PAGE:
We decided to push the range capabilities of Merc's latest EV with mixed results.
Mercedes-Benz says its newest electric S-Class sedan will go an estimated 350 miles on a single charge. Denver, Colorado is exactly 333 miles from Durango, Colorado - a quiet mountain college town with some of the state's prettiest vistas. It's also just about as far from home as we thought we could get on a single charge.
On the surface, it sounds pretty easy. After all, that's a whole 17 miles less than the Mercedes-Benz EQS 450+ conservatively estimated its maximum range after a full charge. However, before we even climbed into our as-specced $122,100 luxury EV, there were some caveats. First, a few errands left the Cirrus Silver Metallic EQS' 107.8-kWh battery at 89% charge or a claimed 364 miles of range. We are aware that that figure is already more than the EPA's claimed figure. Second, there were some rules for the challenge ahead, and third, we knew that 364-mile estimate was going to change pretty rapidly as a result of these rules.
And drop it did. But more on that in a moment. We decided that given the EQS' six-figure price point (and an MSRP of $102,310), we'd not compromise on comfort to make our destination on a single charge. We wanted to use the EQS like any owner would in the real world, making use of all the available features in the EQS at some point in the journey; range be damned.
Massaging, ventilated seats? We left them running almost the whole time, along with Merc's massive $7,000 Hyperscreen system. And who needs efficiency when you can have speed instead? No thought was to be given to range conservation, save for one thing: we left the EQS' brake regen system turned all the way up, simply because single-pedal driving felt a little more luxurious. The logic here was that no one should be expected to compromise and give up features for the sake of saving range on a road trip that should, in theory, be perfectly doable on a single charge.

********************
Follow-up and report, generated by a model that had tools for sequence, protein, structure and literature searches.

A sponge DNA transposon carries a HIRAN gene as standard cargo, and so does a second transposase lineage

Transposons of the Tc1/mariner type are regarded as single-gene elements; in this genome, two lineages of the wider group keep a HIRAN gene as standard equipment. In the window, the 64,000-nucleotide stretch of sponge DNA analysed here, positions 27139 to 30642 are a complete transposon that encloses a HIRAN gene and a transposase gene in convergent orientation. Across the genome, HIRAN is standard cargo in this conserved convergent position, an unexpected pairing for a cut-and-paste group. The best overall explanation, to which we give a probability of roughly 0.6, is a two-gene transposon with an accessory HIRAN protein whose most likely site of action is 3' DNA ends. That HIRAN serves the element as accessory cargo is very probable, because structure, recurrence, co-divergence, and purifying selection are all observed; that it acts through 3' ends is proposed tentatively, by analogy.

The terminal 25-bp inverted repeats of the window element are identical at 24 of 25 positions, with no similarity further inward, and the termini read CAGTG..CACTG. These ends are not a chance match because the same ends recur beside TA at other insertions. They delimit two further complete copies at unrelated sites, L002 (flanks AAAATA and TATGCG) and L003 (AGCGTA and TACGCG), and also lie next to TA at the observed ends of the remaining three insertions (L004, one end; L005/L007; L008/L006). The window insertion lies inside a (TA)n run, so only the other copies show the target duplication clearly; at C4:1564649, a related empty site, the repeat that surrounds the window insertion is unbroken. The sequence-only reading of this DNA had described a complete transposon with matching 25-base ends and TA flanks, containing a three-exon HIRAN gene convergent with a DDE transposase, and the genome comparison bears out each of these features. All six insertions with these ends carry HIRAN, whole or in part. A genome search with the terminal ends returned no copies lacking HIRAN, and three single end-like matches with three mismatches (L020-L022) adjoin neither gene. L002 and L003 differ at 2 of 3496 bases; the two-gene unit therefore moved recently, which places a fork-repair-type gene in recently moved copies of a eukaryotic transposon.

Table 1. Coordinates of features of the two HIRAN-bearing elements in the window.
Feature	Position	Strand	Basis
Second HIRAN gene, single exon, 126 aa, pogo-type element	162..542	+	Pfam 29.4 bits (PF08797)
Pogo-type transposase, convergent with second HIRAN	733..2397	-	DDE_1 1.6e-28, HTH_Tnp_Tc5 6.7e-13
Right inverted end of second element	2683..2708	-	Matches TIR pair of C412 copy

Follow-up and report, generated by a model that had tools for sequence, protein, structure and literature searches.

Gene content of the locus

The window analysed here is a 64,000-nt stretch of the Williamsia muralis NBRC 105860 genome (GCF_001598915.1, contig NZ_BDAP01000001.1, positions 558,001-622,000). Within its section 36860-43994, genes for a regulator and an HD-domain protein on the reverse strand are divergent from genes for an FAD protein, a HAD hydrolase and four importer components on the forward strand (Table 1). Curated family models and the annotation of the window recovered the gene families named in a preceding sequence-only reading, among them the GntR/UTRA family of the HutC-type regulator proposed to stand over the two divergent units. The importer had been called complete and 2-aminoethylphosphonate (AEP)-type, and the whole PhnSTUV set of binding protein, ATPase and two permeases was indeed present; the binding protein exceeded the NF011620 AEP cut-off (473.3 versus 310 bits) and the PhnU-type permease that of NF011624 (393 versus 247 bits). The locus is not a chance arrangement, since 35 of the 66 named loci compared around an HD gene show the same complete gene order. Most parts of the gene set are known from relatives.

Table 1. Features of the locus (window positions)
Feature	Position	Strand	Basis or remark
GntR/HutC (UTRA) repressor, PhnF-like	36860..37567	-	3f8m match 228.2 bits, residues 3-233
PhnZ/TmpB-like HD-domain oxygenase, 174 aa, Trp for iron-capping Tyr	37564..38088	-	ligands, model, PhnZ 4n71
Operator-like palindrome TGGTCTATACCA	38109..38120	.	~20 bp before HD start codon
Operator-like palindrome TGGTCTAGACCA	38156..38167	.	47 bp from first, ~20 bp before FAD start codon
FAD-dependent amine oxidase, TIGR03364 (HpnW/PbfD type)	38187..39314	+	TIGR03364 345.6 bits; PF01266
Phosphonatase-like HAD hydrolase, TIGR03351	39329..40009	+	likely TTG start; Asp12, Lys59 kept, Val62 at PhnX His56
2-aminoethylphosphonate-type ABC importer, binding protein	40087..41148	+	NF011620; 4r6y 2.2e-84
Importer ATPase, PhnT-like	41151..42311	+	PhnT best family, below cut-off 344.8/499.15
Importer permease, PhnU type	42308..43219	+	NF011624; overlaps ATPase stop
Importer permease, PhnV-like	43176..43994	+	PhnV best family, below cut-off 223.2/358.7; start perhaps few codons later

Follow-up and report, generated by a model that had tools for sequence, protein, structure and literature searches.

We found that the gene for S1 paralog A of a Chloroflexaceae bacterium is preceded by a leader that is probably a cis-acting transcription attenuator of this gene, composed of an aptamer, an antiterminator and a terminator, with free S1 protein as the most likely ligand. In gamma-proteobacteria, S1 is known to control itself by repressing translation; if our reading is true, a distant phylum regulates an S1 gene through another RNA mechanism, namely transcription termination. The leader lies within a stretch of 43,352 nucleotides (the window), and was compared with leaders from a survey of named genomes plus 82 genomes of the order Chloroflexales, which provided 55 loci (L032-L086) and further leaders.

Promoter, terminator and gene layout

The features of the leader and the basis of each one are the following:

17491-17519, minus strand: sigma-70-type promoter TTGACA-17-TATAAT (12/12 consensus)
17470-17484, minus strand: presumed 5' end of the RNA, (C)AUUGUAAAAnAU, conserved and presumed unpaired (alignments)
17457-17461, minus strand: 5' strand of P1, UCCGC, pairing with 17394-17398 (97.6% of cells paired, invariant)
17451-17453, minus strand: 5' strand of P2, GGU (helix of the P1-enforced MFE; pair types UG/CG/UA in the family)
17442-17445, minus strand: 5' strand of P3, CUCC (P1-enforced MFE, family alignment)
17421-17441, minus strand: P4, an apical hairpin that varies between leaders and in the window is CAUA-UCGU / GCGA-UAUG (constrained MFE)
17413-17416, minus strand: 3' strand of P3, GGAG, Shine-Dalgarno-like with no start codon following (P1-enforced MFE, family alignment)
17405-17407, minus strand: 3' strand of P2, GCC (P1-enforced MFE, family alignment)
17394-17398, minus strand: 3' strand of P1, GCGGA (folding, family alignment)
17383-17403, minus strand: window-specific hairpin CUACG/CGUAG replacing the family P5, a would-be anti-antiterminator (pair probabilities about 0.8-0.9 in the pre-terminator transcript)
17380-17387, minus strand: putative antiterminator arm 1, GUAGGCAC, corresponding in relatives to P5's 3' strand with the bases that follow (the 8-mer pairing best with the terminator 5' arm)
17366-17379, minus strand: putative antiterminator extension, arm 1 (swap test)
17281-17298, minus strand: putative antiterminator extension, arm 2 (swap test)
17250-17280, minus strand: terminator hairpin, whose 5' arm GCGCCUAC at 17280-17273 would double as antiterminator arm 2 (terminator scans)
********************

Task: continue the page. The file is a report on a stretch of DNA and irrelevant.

With those constraints, we set off. For the duration of the journey, we used Merc's mapping systems (for the get in and go experience) instead of the available Android Auto and Apple Carplay. Speaking of, we also used Mercedes' adaptive cruise control for much of the journey. On long highway drives, it's a godsend. The system will make lane changes for you and following distances are easily maintained. The system manages to do both without scaring you, thankfully. It'll also work down to around 2 mph, which was nice when we eventually hit traffic.
As the miles ticked by on the odometer, there was a single obstacle on our minds. Wolf Creek Pass is the 10,857-foot gateway to Southwestern Colorado, dividing towns like Durango and Pagosa Springs from the rest of Colorado. With a 6.8% grade, we knew we'd be losing range. And we did. A lot of it. By the time we summited the pass, the EQS said we had around 50 miles of range left, around 33 miles shy of reaching Durango. Despite that, the car's navigation said we'd arrive at the hotel with 5 miles of range left.
In the end, the EQS proved to be right. Mercedes' brake regen system added a further 37 miles of range by the time the 6.8% grade flattened out. In theory, that meant 87 miles claimed range for 60 miles of our journey left. While seriously impressed, we chickened out a little and stopped for dinner in Pagosa Springs, just 60 miles from Durango while plugging into a 150kW fast charger. By the time we finished recharging ourselves, the Merc had more than enough juice to ensure our arrival.
After a weekend soaking in Durango's hot springs and hiking, we set out again, confident the now fully-charged EQS could make the 333-mile trip home in one go. And it did, with ease and more than enough range to spare, the battery meter showing 132 miles of range remaining. That was easily what shocked us the most. By that math, the car would do 456 miles on a charge. Had we decided to push past our hunger and make the hour-long journey from Pagosa Springs to Durango on the first leg, the EQS 450+ would have made it.
However, we did have some minor complaints. Our phones would often disconnect for seemingly no reason, and a small rattle persisted from the corner of the Hyperscreen. While the screen is impressive, as is the car's ambient lighting, it is rather fiddly, with some important seat functions buried in the menus. Additionally, the wireless charger only worked for our passenger's iPhone. We also found the EQS' ventilated seats to be far weaker than those in cheaper cars. The fans were simply too weak.
In all, the EQS proved to be more than comfortable on the journey. Luggage space was ample, and so too was legroom. These are some of the best seats we've had the pleasure of sitting in, too. Setting departure times in the infotainment meant the car was always at a comfy 71 degrees, and we felt the car was more than eager to show us some of its 329 horsepower on some of Durango's windy roads. Finally, the 10-degree rear-steer system made parallel parking in downtown Durango a breeze. We couldn't have asked for a better road trip companion, and we'd happily jump back in and do the whole thing over again.
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